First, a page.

4
$\begingroup$

The convolution of two Borel measures $\mu$ and $\nu$ is given by $$(\mu * \nu)(E) = \int_{-\infty}^\infty \nu(E - x) \; \mu(d x).$$

I have been trying to figure out whether the following cancellation law holds for convolutions: $$\text{if } \nu \neq 0 \text{ and } \mu_1 * \nu = \mu_2 * \nu, \text{ then also } \mu_1 = \mu_2$$ Here I use $\mu = \nu$ to mean that $\mu(E) = \nu(E)$ for all Borel measurable $E$.

Intuitively, I feel that the cancellation property should hold, but I have seen examples of the cancellation property failing for very similar kinds of convolution, so I am unsure.

Does the cancellation property above hold for convolution of measures? And if not, can we recover it by restricting for example to probability measures and/or continuous measures?

$\endgroup$
5
  • $\begingroup$ $\mu$ and $\nu$ are only defined on measurable sets, so you can't really interpret it any way else $\endgroup$ – Jakobian Jul 16 '19 at 13:18
  • 2
    $\begingroup$ This is definitely not true for complex measures (even continuous): take any continuous compactly supported, nonzero functions $f,g$ with disjoint supports, and look at the (continuous) measures $\mu,\nu_1,\nu_2$ such that $\hat\mu=f$, $\hat\nu_1=g$ and $\hat \nu_2=2g$. Then $\mu*\nu_1=\mu*\nu_2=0$, but $\nu_1\neq2\nu_1=\nu_2$. $\endgroup$ – tomasz Jul 16 '19 at 13:32
  • 1
    $\begingroup$ Even simpler, consider $\mu_1(E) = 0$ for every measurable $E$. We either need stronger conditions on $\mu_1$, or consider the situation in general, where equality holds for any $\mu_1$. $\endgroup$ – Jakobian Jul 16 '19 at 13:36
  • $\begingroup$ @Jakobian: Yeah, but that is completely trivial, obviously the question only makes sense for nonzero measures. $\endgroup$ – tomasz Jul 16 '19 at 13:37
  • $\begingroup$ @Jakobian Right, $\mu_1$ must of course be non-zero, I will add that. $\endgroup$ – mrp Jul 16 '19 at 13:38
1
$\begingroup$

Definition: We say that $\mu$ is infinitely divisible, if for any $n$ there exists a measure $\mu_n$ such that $\mu = (\mu_n)^{*n}$, the $n$-th convolution power. In other words, for any $n$ there exists $n$-th root of $\mu$.

Theorem: Suppose that $\mu_1, \mu_2, \nu$ are of finite measure and $\nu\neq 0$ is infinitely divisible. It holds that $$\mu_1*\nu = \mu_2*\nu \implies \mu_1 = \mu_2.$$

Proof: Without loss of generality we may assume that $\mu_1, \mu_2, \nu$ are probability measures. This is because for any Borel measure $\mu$, $\mu \neq 0\iff \mu(R)>0$, and $$(\mu_1*\nu)(R) = \mu_1(R)\nu(R) = \mu_2(R)\nu(R) = (\mu_2*\nu)(R).$$ From which $\mu_1(R) = \mu_2(R)$. If $\mu_1(R) = 0$, then $\mu_1 = \mu_2 = 0$ as desired. If $\mu_1(R) \neq 0$, then we can divide both sides by $\mu_1(R)\nu(R) = \mu_2(R)\nu(R)$, and take new (this time probability) measures $$\mu_1' = \frac{\mu_1}{\mu_1(R)}, \mu_2' = \frac{\mu_2}{\mu_2(R)}, \nu' = \frac{\nu}{\nu(R)}.$$ Those new measures satisfy $\mu_1'*\nu' = \mu_2'*\nu'$ since convolution is bilinear. We will keep refering to those as $\mu_1, \mu_2, \nu$.

Consider $\varphi_1, \varphi_2, \phi$, the characteristic functions of $\mu_1, \mu_2,\nu$. We have $$\varphi_{\mu_1*\nu} = \varphi_1\phi = \varphi_2\phi = \varphi_{\mu_2*\nu},$$ hence $$\forall_{x\in R}\ (\varphi_1(x) = \varphi_2(x)\ \lor \phi(x) = 0). \tag{1} $$ It is because for any probability measures $\mu, \hat{\mu}$ we can consider independent random variables $X\sim \mu, Y\sim \hat{\mu}$, and it is well known that $X+Y\sim \mu*\hat{\mu}$, hence $\varphi_{\mu*\hat{\mu}} = \varphi_{\mu}\varphi_{\hat{\mu}}$.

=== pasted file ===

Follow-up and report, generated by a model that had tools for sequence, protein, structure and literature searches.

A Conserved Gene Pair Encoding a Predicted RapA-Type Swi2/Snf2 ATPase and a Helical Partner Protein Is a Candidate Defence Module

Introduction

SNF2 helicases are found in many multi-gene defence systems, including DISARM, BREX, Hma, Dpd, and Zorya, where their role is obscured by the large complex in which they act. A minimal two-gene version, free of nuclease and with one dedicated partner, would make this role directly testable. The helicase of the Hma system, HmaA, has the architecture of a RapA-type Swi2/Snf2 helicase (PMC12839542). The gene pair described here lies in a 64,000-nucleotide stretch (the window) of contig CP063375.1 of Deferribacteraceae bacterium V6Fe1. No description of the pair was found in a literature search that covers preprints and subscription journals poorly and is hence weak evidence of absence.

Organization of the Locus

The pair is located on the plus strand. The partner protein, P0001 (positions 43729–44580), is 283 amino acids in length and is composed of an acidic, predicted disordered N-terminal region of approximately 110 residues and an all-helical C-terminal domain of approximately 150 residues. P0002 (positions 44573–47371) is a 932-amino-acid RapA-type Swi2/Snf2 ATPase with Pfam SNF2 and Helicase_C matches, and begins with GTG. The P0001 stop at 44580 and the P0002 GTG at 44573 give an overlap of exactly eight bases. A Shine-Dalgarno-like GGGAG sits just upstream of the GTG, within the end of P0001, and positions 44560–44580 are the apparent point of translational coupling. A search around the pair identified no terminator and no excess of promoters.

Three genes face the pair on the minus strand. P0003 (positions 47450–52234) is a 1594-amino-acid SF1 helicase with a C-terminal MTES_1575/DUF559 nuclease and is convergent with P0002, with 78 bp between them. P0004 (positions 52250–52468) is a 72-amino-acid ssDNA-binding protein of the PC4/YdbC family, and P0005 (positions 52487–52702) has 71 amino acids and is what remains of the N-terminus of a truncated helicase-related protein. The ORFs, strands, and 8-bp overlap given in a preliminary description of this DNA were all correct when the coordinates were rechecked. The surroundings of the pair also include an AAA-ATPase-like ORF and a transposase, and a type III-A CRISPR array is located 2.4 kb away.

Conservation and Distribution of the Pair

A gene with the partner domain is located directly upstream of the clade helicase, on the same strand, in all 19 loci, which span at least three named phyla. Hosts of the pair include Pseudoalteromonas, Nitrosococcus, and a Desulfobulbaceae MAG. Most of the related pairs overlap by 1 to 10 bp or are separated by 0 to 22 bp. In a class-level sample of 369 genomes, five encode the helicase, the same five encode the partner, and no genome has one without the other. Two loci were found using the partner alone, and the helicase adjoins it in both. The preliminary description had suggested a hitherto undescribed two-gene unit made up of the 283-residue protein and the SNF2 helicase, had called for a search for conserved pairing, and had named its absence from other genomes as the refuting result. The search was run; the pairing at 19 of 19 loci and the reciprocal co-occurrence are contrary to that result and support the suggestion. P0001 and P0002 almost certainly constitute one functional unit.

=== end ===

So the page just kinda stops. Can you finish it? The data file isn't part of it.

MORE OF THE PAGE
From [1] it follows that $\phi$ has no zeros, since it's a characteristic function of infinitely divisible measure. Hence from $(1)$ we have that $\varphi_1 = \varphi_2$, and so $\mu_1 = \mu_2$, as had to be shown.

Examples of infinitely divisible measures are Normal distribution or Cauchy distribution. Distributions of the form $\delta_a$ are also infinitely divisible. Another example would be Poisson distribution.

It can also be shown that it is false in general for probability measures. Consider functions $$\phi(x) = (-|x|+1)1_{[0, 1]}(|x|),\ \varphi_1(x) = e^{-|x|},\\ \varphi_2(x) = e^{-|x|}1_{[0, 1)}(|x|)+e^{-1}(-|x|+2)1_{[1, 2]}(|x|) $$ We have that those are characteristic functions from Pólya criterion, and they satisfy $(1)$, which is equivalent to $\varphi_1\phi = \varphi_2\phi$, and so $\mu_1*\nu = \mu_2*\nu$ where $\mu_1, \mu_2, \nu$ are probability measures corresponding to $\varphi_1, \varphi_2,\phi$, and $\mu_1 \neq \mu_2$ because $\varphi_1\neq \varphi_2$.

There can be doubt about if $\varphi_2$ is convex for positive values because of the point $x = 1$, but it can be easily checked that $(e^{-x})'_{x=1} = -e^{-1}$, so it is indeed a convex function.

In fact, those characteristic functions are all integrable, hence they correspond to absolutely continuous random variables (in addition, symmetric).

[1] https://math.stackexchange.com/a/416436/476484

$\endgroup$

Your Answer

By clicking “Post Your Answer”, you agree to our terms of service, privacy policy and cookie policy

Not the answer you're looking for? Browse other questions tagged or ask your own question.